Cemetery Mausoleum Cost

Community Mausoleum: $3,500-$33,000.
Personal Mausoleum: $20,000-$75,000.
Walk-in Mausoleum: $250,000-$1 Million+.

A mausoleum is a structure developed to hold bodies after a funeral service, permitting above-ground burial (called entombment). The dry, sealed chamber that holds a coffin is called a crypt, and crypts normally are single or double (holding one coffin or more), although some crypts hold up to 4 coffins.

Normal expenses

Community mausoleums in cemeteries or churches can have numerous crypts, which are bought separately. A single or double crypt in a big community mausoleum has a price that starts between $3,000 and $10,000, however, it can increase to $15,000-$30,000 for a double crypt at the high price end.
Garden/outdoor crypts (no covered “lobby” or visitors area) usually are less costly than indoor crypts with features such as benches, skylights, or waterfalls in a general public area. A wall of crypts within a mausoleum can be rather high, and lower-level crypts (at eye level or even below the eye) are frequently more costly than the less-desirable higher levels. Lakewood Cemetery in Minneapolis offers a few garden crypts for $3,550 to $5,160 for single crypts and $6,100 to $9,100 for double crypts; and indoor crypts are somewhere between $5,000 and $9,500 for singles, $9,500 to $18,000 for doubles, and $20,000 to $25,000 for quads (allowing for 4 entombments).
You should also read our articles about the cost of cremation, obituaries, and gravestone engraving.
Mausoleum with a great viewPrivate mausoleums for families are smaller sized, more pricey, and can have one to 8 crypts, or even more. A private mausoleum can be a little horizontal structure big enough to hold one crypt or a bigger, walk-in structure with high columns and other types of decoration. Standard little one- or two-crypt personal mausoleums have prices that start at $25,000 to $50,000 and increase depending upon place, design, and quality of stone and other materials. Walk-in mausoleums normally have prices that will just start at $200,000 to $500,000 and can end up costing $1 million or more.
Jefferson Memorial Cemetery and Funeral Home in Pennsylvania provides personal mausoleums varying in price from $37,000 for a basic two-crypt design to $2.5 million for a 12-crypt walk-in mausoleum made from rainbow granite. The expenses will include the structure, setup, and cemetery location.

FamilyMausoleums.net offers one- to six-crypt customized granite mausoleums that are delivered and reassembled onsite for $11,000-$160,000, depending upon the size and design, and will include the setup, however, the price won’t include the cemetery place or the needed structure.

What should be included

Mausoleum crypts are developed to supply a tidy and dry above-ground burial. As soon as the casketed body is entombed, the crypt is sealed with a stone front (normally granite or marble, frequently with a metal plaque on the front). Community mausoleums are usually constructed with stacks 5 to 7 crypts high, while private mausoleums may not be as high, depending on the need. Numerous mausoleums, both community, and private ones consist of an area (called a columbarium) for cremation specific niches, typically stacked flooring to ceiling, with stone or metal fronts.
This article on AARP.org offers an introduction to mausoleums.

Extra expenses to think about

In addition to the purchase cost of the mausoleum or crypt, the cemetery will charge entombment charges for opening the crypt, positioning the body inside, and resealing the crypt. (These charges also cover the expense of the needed irreversible legal record-keeping and all associated services.) Entombment charges (which might consist of inscribing expenses) can be $500 to $2,000, depending upon the cemetery, and can be greater for off-hours entombments on nights, weekends, or known holidays. St. Michael Cemetery in Boston charges $650 for entombment, while Jefferson Memorial in Pittsburgh charges $525-$1,278 for outside mausoleum entombment and $750-$1,560 inside ones.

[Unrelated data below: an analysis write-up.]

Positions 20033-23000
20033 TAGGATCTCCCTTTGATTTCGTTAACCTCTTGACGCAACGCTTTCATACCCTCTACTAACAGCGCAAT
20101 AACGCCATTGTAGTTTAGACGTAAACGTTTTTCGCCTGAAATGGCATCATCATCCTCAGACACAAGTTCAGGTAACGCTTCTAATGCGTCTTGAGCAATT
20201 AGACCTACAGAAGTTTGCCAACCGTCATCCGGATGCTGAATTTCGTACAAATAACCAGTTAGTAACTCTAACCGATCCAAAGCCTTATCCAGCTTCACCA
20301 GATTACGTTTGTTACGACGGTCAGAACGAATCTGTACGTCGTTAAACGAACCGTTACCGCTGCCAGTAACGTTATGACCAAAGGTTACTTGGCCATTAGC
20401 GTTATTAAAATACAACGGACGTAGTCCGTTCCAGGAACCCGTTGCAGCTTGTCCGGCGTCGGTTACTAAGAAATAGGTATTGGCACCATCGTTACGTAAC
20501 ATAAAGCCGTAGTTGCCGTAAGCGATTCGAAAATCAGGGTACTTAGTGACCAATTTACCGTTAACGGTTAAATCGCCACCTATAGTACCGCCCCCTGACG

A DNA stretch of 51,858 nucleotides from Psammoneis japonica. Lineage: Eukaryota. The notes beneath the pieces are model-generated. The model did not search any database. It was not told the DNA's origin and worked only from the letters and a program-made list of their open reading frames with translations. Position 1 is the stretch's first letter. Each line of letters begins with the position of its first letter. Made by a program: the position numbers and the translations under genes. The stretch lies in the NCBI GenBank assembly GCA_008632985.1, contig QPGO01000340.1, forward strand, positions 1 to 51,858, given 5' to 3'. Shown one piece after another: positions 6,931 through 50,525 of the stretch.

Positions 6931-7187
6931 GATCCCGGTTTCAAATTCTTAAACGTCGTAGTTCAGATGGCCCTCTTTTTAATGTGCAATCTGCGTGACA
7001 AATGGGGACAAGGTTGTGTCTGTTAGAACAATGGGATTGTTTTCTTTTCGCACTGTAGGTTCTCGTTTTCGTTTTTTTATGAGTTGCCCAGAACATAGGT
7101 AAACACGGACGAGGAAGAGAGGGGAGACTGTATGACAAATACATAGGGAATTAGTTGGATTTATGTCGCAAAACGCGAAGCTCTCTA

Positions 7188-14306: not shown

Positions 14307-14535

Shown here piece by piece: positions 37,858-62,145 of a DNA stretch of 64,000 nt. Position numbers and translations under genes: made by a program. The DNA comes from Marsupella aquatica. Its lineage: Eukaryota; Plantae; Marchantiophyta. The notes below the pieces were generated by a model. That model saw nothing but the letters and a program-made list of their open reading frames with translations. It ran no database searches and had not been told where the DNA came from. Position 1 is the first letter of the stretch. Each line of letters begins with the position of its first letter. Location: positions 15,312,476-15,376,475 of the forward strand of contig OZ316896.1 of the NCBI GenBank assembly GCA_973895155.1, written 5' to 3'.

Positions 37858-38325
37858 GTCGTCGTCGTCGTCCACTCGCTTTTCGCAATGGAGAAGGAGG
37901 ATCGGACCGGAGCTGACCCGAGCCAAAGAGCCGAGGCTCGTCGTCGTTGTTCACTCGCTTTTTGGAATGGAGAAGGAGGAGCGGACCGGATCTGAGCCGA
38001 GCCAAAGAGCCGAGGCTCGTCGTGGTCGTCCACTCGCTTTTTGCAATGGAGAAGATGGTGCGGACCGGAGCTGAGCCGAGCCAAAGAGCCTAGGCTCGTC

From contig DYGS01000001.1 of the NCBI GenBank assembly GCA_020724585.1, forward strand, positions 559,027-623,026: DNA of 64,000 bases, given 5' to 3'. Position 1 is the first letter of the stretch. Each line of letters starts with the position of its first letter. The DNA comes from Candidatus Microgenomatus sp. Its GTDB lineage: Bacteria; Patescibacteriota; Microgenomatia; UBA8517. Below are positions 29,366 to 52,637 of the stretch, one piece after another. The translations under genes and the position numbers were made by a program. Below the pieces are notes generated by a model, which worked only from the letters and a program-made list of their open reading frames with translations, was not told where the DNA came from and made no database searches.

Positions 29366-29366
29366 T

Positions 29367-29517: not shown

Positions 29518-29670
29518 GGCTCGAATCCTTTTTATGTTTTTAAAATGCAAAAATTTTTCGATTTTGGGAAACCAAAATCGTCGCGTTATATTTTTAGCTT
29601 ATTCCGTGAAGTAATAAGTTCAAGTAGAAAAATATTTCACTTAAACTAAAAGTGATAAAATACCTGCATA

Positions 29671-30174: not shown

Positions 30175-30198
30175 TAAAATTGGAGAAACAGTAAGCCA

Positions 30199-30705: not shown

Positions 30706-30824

With an advance purchase (called “pre-need”), ultimately inscribing only the death date on the front plaque of the crypt can be another $50-$200 or more, depending upon the area and what’s included overall. David’s Cemetery in Ohio approximates typical inscription costs at $100-$170.
Normally, a body is embalmed prior to being entombed in a mausoleum. Embalming with cosmetic work can cost another $300-$1,100, depending upon what will be included. A coffin is also needed, which can be $1,000 to $7,000, or even more. A total standard funeral plan with embalming, coffin, services, procession, and so on, can cost $6,000 to $15,000 or more, in addition to the expense of the mausoleum and entombment costs.

Searching for a mausoleum

Choose whether a community or private mausoleum would be best for you, and what design you want to go for. To see examples, Forest Cemetery in Ohio supplies a picture trip of its community mausoleum, and WestMemorial posts a gallery of bigger private mausoleum designs. ArtisanMemorials.com supplies pictures of smaller-sized one- and two-crypt private mausoleums if that’s what you are looking for.
Not all cemeteries will approve mausoleums; check to see what choices are readily available in the area around you for either private or community mausoleums. Looking on Google for “cemetery” plus the name of the county or closest town will supply a list of regional cemeteries.
If utilizing a large or non-standard coffin, make sure to examine the measurements of the coffin against the area inside the crypt. When selecting a mausoleum, inquire about the entombment charges and if there are added fees for continuous care, plaque inscription (in some cases called “memorialization”), or any other services.
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